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Chinese Exclusion and the Roots of National Immigration Restriction Political Science 61 / Chicano/Latino Studies 64 October 18, 2007
Models of Minority Exclusion • Apartheid • An official policy of racial segregation, involving political, legal, and economic discrimination against nonwhites • Economic and political disempowerment • Taking away what has already been exercised • Two-tiered pluralism • Pluralism—A condition in which numerous distinct ethnic, religious, or cultural groups compete within a society • Two-tiered pluralism—Ongoing competition, but access to some opportunities/resources unavailable to certain groups
Today’s Stories • Targeted restriction focused on one immigrant/ethnic group serves as a foundation for a much more broadly based restriction targeting many/all populations • State/regional interests can shape national immigration policy when the nation’s electorate is evenly divided and one of the states with new immigrants is up for grabs
Roots of Asian Migrations to U.S. • Economic incorporation of the Western United States and chronic labor shortage • Asian migration responds to economic opportunities and economic needs • California agriculture (1840s) • Gold rush (1848) • Hawaiian agriculture (1850s) • Western railroads (1865-1880s) • Scientific and technological workers (1940 - ) • Family migration (1965 - )
19th Century Asian Migration • Overwhelmingly, • Unskilled labor migration • Almost all from China • Geographically focused – Hawaii and Western U.S. • More “organized” than European migration • Cost and distance created entrepreneur middlemen • Popular notion of the “coolie” (contract labor), came to be understood as new form of slavery • Chinese immigrants entrepreneurial at settlement • Challenge economic opportunities of Whites • Come to dominate sectors of the economy – what would today be called the service sector
Political Apartheid and Economic Disempowerment • Statutory exclusion based on race • Naturalization (1790) • In re Ah Yup (1878) • Foreign Miners Tax (1850) • People v. Hall (1854) • Sustained economic segregation • “Chinatowns”
Restricted Opportunities Initially Balanced with Recruitment • Burlingame-Seward Treaty (1868) • China could not restrict the emigration of its nationals • Fit with national ethos of “open borders” – fear that other countries would restrict labor migration and slow U.S. economic development • Similar fear with Mexico in this era (that Mexico would restrict emigration)
Rapid Switch from Recruitment to Restriction • California seeks to restrict Chinese immigration • California prohibits • Chinese immigration (1858) • Chinese women destined for “prostitution” (1870) • Chinese living in city limits (1879) • Marriage licenses between whites and “Mongolians” (1879) • Local prejudices translate into national restrictions
Chinese Exclusion Act (1882) – Politics • Angell Treaty (1880) • U.S. could restrict immigration from China • Popular roots • Labor competition in California • Argument that Chinese labor is un-free, as slaves had been • Regional (California) racism made national • Organized labor turned against the Chinese • National politics shaped by a search for California’s electoral votes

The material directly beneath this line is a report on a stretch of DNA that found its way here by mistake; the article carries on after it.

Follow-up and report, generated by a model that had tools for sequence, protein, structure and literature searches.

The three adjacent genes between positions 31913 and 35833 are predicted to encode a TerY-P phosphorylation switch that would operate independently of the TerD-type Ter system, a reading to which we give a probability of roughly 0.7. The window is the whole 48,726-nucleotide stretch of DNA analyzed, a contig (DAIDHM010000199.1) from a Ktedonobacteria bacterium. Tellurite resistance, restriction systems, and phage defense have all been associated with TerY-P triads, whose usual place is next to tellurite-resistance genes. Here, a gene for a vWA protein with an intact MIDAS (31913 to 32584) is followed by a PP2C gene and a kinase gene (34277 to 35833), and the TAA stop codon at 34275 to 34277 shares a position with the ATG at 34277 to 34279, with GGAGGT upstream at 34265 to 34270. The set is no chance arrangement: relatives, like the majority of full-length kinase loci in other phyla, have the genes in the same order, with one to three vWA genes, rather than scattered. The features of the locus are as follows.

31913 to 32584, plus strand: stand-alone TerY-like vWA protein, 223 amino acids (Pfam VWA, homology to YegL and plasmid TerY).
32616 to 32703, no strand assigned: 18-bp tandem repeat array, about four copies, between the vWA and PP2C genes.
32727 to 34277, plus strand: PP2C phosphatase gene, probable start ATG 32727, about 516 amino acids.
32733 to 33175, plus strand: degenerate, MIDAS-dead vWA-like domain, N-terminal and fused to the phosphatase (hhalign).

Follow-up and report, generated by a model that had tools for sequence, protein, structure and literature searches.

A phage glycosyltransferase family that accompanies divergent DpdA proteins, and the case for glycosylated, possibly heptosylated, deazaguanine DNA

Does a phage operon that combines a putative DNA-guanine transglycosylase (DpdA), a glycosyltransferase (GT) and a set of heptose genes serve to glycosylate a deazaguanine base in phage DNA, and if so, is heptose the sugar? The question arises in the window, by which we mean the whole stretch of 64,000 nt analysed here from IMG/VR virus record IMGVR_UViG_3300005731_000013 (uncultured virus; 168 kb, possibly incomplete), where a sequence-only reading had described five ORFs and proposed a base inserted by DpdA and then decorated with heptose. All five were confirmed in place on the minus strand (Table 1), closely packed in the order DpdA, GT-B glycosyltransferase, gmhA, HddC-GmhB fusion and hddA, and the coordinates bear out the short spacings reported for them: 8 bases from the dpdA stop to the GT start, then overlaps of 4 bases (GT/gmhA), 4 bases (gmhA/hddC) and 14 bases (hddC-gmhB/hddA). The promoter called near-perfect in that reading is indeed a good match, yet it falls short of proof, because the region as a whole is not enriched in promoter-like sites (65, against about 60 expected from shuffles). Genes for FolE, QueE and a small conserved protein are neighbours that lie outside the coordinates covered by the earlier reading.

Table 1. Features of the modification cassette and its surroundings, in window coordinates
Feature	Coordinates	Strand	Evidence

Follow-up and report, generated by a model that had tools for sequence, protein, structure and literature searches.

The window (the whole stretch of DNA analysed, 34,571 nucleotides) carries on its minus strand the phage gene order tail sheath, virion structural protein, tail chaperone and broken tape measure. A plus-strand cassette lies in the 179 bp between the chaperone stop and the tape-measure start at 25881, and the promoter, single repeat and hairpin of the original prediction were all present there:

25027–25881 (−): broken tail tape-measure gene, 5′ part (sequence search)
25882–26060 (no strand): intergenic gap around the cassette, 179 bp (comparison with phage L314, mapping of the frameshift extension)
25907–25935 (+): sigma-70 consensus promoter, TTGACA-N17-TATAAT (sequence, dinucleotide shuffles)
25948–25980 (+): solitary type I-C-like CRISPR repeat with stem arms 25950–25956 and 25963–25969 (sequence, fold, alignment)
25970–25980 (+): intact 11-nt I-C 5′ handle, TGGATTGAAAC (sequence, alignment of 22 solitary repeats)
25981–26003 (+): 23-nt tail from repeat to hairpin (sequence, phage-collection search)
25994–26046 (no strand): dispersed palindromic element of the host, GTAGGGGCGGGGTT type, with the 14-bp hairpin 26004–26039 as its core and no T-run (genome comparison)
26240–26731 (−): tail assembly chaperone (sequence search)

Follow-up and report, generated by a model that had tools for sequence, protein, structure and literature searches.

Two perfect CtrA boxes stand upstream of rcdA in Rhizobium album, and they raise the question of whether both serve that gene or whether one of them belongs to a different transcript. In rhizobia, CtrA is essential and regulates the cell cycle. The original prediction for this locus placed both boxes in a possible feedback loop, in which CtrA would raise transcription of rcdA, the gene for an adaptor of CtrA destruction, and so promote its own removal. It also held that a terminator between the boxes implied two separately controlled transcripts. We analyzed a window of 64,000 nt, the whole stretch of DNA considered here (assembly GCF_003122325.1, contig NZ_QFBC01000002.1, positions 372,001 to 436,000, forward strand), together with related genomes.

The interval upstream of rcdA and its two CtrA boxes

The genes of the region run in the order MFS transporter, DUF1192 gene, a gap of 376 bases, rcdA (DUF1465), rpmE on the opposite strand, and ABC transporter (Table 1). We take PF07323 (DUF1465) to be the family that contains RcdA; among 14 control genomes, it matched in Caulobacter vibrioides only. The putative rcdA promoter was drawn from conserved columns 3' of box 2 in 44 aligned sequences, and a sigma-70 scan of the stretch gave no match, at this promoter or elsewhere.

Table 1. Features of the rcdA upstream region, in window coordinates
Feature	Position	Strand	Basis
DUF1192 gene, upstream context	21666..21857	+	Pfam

Chinese Exclusion Act (1882) • Suspends Chinese labor immigration for 10 years • Continues to allow elite migration from China: those “proceeding to the United States … from curiosity” • Held to be Constitutional—Chae Chan Ping v. U.S. (1889) • Remains in place until 1940 when war-time imperatives allow for limited Chinese immigration • Chinese American residents of U.S. find ways to evade its restrictions
Expansion of Asian Exclusion (1880s-1940) • Chinese exclusion extended—1892, 1902, 1904 • 1892—Chinese in U.S. to register with government • End of Chinese immigration spurs labor recruitment in other parts of Asia • Exclusion spreads to rest of Asia • Koreans 1905 • Japan 1907 (“Gentleman’s Agreement”) • “Geographic Barred Zone” 1917 (includes India) • National Origin Quotas 1921 and 1924
Denial of Rights of Chinese/Asians in U.S. • Segregated schools in California & the West (1884-) • Progressive narrowing of eligibility for naturalization • Random violence against Asians/Chinatowns • Aliens “ineligible for citizenship” • California prohibitions on land ownership (1913) • Prohibition on stock ownership (1923) • Exception—Wong Kim Ark v. U.S. (1898), can not take citizenship away from those who have it
Apartheid at its Extreme • Japanese Internment/Executive Order 9066 (1942) • 120,000 Japanese and Japanese Americans • 62 percent U.S. citizens • Held to be constitutional – Korematsu v. United States (1944) • Internment also a form of political/economic disempowerment • Loss of land that had to be sold quickly
Asian Restriction as the Root of Broader Restrictions • Asian exclusion begins 40-year growth in exclusion • Exclusion of single women (using notion that they were destined for prostitution) • Exclusion based on belief • Exclusion based on health status • Exclusion based on knowledge • National Origin Quotas (1921 and 1924) • Attempt to freeze national ethnic composition in 1890 • All but Northern/Western Europeans face exclusion • Spurs demand for Latino, particularly Mexican American and Puerto Rican, migration
Relevance to Contemporary Minority Politics • Root of Asian American experience is exclusion • Does this have any relevance to the vast majority of Asian Americans who trace their U.S. roots to post-1965 immigrants? • Will this history of exclusion create the foundation for connections to African Americans and Latinos? • Narrow immigration restrictions can serve as the seed for more exclusive policies • Is the U.S. now in a period similar to 1875-1924? • If so, who are today’s Chinese?
Question for Next Time How did President Johnson build a legislative coalition to pass the Voting Rights Act?